- The extent to which the court passing sentence should reflect the levels of sentence which would have been likely to have been imposed if the defendant had been convicted at trial shortly after the offences were committed; and
- The extent to which events during the long period which in fact elapsed between the commission of the crimes and the sentencing decision were relevant.
As the Court of Appeal explained, the sentencing courts’ task was made all the more difficult by the fact that there have been numerous statutory changes over the years in relation to sentencing and the definitions of sexual offences. The Lord Chief Justice, Royce and Macur JJ wearily noted that:
We shall not anxiously parade an inclusive list of all the relevant statutory provisions. It would be unbearably long. We simply remind ourselves, with now customary trepidation, that yet further proposed legislation relating to sentencing regimes and prisoner release is currently in contemplation. What is the judge to do? We must return to first principles…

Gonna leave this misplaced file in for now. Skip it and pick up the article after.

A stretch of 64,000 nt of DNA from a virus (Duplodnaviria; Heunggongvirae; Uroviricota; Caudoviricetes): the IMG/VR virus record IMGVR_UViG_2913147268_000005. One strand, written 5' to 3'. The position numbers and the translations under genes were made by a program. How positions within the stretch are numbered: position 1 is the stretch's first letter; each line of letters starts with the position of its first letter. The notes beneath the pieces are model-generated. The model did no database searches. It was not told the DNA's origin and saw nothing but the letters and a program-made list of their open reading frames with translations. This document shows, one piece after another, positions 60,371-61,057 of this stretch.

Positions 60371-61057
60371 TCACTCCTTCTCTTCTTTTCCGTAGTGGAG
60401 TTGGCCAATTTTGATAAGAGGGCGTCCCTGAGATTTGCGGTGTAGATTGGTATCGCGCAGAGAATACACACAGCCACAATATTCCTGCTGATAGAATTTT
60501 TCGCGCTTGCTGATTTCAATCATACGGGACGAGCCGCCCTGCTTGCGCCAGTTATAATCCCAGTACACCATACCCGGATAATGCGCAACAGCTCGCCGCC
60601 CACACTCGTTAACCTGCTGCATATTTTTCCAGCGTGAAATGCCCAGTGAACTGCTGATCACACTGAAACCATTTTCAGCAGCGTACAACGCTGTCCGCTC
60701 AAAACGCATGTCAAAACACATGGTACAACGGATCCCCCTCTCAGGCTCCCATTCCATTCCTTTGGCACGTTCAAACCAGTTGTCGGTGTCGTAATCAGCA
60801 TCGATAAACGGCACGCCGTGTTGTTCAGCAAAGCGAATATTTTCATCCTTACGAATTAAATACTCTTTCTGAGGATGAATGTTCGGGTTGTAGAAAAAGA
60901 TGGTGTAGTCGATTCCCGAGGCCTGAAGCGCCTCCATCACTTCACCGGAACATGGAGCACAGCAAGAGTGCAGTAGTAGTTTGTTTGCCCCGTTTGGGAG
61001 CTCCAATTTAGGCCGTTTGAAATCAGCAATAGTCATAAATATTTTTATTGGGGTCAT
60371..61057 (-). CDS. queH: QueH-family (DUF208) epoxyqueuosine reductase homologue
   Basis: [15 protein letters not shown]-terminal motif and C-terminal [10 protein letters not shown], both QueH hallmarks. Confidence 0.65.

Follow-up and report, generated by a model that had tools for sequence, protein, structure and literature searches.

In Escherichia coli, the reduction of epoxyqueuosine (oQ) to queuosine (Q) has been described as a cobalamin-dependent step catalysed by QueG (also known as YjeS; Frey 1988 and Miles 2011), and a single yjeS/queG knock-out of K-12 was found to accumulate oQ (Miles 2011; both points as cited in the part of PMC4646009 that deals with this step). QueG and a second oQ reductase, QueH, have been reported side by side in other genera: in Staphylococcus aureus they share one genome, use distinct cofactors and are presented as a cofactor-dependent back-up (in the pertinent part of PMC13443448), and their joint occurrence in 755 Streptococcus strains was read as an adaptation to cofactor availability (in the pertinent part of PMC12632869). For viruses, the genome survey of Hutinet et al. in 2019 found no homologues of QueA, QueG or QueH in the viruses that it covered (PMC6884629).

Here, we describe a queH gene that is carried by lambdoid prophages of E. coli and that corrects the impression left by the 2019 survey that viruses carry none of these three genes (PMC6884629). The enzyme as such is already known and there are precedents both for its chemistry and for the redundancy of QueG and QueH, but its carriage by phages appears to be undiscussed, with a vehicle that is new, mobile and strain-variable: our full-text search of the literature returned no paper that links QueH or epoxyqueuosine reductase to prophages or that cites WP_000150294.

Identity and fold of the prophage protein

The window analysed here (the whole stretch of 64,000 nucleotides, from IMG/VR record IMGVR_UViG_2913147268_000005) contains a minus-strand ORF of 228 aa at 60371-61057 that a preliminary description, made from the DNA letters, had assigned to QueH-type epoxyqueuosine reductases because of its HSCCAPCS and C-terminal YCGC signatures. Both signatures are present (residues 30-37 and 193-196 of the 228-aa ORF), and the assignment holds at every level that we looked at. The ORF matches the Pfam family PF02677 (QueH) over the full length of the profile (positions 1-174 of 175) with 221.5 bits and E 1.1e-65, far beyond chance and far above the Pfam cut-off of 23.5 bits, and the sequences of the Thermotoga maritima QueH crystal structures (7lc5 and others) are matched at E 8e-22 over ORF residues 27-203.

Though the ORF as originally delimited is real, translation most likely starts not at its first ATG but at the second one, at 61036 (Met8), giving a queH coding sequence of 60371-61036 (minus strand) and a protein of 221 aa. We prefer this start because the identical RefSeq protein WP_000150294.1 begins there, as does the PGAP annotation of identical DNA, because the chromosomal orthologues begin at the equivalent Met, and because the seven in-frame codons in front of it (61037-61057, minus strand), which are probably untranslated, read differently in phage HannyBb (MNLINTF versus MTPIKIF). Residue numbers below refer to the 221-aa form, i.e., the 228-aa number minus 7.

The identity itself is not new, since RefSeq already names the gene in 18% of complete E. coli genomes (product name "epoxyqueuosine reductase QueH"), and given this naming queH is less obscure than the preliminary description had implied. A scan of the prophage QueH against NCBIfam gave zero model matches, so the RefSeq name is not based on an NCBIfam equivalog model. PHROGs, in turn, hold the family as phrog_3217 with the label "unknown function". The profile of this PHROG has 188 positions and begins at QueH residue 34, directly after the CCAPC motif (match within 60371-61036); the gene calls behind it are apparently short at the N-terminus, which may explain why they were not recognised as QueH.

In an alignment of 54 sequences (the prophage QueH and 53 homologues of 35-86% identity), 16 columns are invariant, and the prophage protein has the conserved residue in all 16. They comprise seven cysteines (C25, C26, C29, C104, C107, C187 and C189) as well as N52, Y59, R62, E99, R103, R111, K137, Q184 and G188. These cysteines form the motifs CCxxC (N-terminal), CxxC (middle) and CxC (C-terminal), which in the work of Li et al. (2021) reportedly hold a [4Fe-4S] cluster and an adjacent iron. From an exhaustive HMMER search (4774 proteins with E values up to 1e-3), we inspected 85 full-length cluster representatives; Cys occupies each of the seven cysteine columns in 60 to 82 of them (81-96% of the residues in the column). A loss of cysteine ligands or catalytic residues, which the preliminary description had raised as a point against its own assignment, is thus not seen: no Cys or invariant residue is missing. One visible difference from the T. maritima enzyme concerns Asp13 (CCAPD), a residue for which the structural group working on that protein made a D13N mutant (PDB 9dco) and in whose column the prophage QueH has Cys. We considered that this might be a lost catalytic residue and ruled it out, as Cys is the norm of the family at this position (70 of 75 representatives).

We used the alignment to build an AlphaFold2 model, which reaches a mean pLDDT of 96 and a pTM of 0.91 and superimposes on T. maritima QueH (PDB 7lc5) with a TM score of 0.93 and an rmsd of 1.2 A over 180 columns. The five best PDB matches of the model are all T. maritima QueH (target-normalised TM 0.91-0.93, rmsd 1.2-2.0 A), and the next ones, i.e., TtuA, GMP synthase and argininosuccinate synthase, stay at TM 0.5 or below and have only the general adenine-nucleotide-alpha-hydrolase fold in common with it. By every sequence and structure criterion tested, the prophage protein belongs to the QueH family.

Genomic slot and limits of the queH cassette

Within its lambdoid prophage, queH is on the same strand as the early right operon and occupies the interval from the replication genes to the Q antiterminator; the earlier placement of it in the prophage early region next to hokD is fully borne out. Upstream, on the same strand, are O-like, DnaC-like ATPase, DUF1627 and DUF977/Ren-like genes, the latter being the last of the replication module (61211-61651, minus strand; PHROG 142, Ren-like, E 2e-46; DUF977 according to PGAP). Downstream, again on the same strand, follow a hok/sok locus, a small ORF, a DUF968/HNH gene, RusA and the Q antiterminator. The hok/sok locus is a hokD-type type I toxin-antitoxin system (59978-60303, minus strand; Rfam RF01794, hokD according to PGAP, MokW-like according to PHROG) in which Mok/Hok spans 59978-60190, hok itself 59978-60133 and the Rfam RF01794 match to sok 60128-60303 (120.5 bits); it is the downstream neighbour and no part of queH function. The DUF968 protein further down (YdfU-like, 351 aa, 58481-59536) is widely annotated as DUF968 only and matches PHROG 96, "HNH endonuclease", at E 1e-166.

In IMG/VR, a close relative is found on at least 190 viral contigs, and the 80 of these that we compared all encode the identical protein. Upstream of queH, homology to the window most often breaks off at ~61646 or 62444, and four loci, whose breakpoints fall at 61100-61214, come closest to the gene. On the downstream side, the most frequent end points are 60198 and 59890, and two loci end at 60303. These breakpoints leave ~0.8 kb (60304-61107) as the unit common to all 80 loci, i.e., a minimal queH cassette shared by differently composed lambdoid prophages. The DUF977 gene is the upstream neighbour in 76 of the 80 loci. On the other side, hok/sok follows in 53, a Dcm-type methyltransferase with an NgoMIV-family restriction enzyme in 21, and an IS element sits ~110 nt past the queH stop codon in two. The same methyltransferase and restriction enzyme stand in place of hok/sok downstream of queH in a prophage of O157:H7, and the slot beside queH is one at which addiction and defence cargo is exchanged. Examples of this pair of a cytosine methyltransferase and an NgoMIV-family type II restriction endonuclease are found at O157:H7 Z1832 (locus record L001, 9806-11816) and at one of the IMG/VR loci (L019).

Those first principles are set out in s.142 of the Criminal Justice Act 2003, namely that the purposes of sentencing are first punishment, then reduction of crime, rehabilitation, the protection of the public and the making of reparation to victims. The Court of Appeal then applied those principles to the problem of sentencing in historic cases.
Some guidance provided
The Court of Appeal noted that Article 7 prohibits the imposition of a heavier penalty that was ‘applicable’ at the time the offence was committed, and considered the House of Lords ruling in Uttley v. SSHD  UKHL 38 which made it clear that this means provided sentences do not exceed the maximum sentence which could have been imposed at the date the offence was committed, Article 7 is not contravened.
The Court then considered a large body of previous case law. Although concluding that “it is impossible to reconcile them all” and “reference to earlier decisions is unlikely to be helpful and…is to be discouraged” in sentencing decisions, the following guidance was given (paragraph )
(a) Sentence will be imposed at the date of the sentencing hearing, on the basis of the legislative provisions then current, and by measured reference to any definitive sentencing guidelines relevant to the situation revealed by the established facts.
(b) Although sentence must be limited to the maximum sentence at the date when the offence was committed, it is wholly unrealistic to attempt an assessment of sentence by seeking to identify in 2011 what the sentence for the individual offence was likely to have been if the offence had come to light at or shortly after the date when it was committed. Similarly, if maximum sentences have been reduced, as in some instances, for example theft, they have, the more severe attitude to the offence in earlier years, even if it could be established, should not apply.